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People in the streets protesting racism. A feeling that black lives are regarded as worthless. A lack of prospects and deep division.
While this scene describes the United States in the summer of 2020, it was also England 40 years earlier, emerging from the 70s in a fractured, fretful state. Young people marched across London, taking a stand against fascism. Unemployment was soaring. The annual celebration of Caribbean culture that was the Notting Hill Carnival collapsed into rioting in 1976. The following year a right wing rally was met with 4,000 counter-demonstrators at the Battle Of Lewisham, and two years later, an anti-Nazi riot erupted in the London suburb of Southall.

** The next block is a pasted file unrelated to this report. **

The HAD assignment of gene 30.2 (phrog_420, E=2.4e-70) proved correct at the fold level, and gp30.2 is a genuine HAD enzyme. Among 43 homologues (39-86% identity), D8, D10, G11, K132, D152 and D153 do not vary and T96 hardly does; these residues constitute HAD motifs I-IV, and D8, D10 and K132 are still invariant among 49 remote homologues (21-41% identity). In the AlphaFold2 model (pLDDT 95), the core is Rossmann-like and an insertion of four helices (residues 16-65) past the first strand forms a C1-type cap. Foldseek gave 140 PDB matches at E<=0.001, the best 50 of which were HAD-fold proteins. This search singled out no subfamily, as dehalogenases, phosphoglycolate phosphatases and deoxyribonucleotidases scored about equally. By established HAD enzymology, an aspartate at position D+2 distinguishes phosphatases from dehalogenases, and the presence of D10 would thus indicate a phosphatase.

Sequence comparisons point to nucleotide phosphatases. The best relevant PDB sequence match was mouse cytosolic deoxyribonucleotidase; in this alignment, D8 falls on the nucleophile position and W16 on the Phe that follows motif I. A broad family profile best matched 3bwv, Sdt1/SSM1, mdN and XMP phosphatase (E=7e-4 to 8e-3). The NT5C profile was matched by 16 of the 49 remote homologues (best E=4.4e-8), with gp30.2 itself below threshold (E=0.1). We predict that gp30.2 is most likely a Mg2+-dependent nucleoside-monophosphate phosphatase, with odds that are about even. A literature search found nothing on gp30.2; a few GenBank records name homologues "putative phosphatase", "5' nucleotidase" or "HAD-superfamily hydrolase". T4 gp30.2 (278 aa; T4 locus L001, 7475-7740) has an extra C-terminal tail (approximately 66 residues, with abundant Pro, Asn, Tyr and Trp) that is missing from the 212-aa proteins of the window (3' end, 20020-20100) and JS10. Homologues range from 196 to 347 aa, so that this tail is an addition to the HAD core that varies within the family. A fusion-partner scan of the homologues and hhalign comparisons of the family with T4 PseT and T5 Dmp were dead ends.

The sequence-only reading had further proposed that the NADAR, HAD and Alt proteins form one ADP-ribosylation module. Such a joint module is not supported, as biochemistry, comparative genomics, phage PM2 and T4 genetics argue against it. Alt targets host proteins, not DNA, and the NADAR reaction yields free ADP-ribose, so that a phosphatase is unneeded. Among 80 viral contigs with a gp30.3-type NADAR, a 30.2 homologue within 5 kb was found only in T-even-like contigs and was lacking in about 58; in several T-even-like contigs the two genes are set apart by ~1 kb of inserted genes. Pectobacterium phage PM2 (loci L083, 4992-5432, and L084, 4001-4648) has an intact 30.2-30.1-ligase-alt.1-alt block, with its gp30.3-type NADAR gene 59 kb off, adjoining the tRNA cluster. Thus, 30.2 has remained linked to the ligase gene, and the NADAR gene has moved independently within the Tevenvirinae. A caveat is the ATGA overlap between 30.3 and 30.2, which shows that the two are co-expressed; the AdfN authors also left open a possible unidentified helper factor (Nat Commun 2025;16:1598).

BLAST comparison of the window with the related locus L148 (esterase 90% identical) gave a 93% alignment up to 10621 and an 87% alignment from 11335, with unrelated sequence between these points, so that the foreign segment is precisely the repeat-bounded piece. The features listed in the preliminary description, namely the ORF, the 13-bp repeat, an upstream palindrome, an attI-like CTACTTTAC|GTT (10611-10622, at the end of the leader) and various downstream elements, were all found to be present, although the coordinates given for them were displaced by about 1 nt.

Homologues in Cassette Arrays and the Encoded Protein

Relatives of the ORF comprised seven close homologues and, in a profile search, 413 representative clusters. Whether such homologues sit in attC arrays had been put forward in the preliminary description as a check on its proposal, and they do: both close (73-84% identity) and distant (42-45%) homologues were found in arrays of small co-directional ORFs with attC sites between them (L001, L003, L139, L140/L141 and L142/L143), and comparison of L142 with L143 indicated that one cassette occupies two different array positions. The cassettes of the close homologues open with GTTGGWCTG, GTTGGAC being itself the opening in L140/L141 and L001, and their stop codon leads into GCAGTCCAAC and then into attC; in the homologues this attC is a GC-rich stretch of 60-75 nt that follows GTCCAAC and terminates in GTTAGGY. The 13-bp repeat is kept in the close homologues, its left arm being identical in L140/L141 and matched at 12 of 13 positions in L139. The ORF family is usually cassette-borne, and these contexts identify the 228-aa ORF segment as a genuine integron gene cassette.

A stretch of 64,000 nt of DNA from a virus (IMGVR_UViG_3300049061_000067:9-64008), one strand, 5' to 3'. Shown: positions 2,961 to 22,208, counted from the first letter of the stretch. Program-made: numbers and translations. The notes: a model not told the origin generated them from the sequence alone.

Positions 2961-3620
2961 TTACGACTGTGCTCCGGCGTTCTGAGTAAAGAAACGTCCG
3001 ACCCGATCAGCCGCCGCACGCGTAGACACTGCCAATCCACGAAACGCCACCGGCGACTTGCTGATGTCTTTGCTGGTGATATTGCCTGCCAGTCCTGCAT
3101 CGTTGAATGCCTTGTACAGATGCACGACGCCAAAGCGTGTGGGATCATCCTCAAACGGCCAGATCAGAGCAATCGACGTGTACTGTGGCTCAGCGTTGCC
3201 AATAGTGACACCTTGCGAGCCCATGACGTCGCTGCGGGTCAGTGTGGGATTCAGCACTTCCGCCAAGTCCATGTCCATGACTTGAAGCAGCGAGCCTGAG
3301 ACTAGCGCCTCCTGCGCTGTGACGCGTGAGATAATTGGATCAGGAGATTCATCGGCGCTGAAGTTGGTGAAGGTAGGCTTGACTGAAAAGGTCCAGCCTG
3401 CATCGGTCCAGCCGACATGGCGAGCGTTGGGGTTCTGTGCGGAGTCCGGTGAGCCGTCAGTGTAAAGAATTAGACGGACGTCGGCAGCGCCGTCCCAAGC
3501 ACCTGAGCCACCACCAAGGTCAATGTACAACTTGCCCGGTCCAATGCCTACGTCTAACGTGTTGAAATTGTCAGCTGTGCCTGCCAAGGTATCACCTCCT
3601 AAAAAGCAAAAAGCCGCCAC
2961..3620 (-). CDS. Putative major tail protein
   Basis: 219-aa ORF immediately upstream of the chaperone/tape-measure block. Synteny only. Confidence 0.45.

While punk rock attempted to capture the sense of chaos and disenfranchisement, another artist, one who was walking an uncharted route in music, was arguably far better at expressing it. That artist was Linton Kwesi Johnson. Bass Culture, his third album, released in 1980, not only seized the moment; it laid down a marker that still resonates.
Linton Kwesi Johnson didn’t sing. He didn’t DJ, the pioneering Jamaican rapping style that was a precursor to hip-hop. On record, Johnson simply spoke his verses over a deep, heavy rhythmic backing, a style that became known as dub poetry.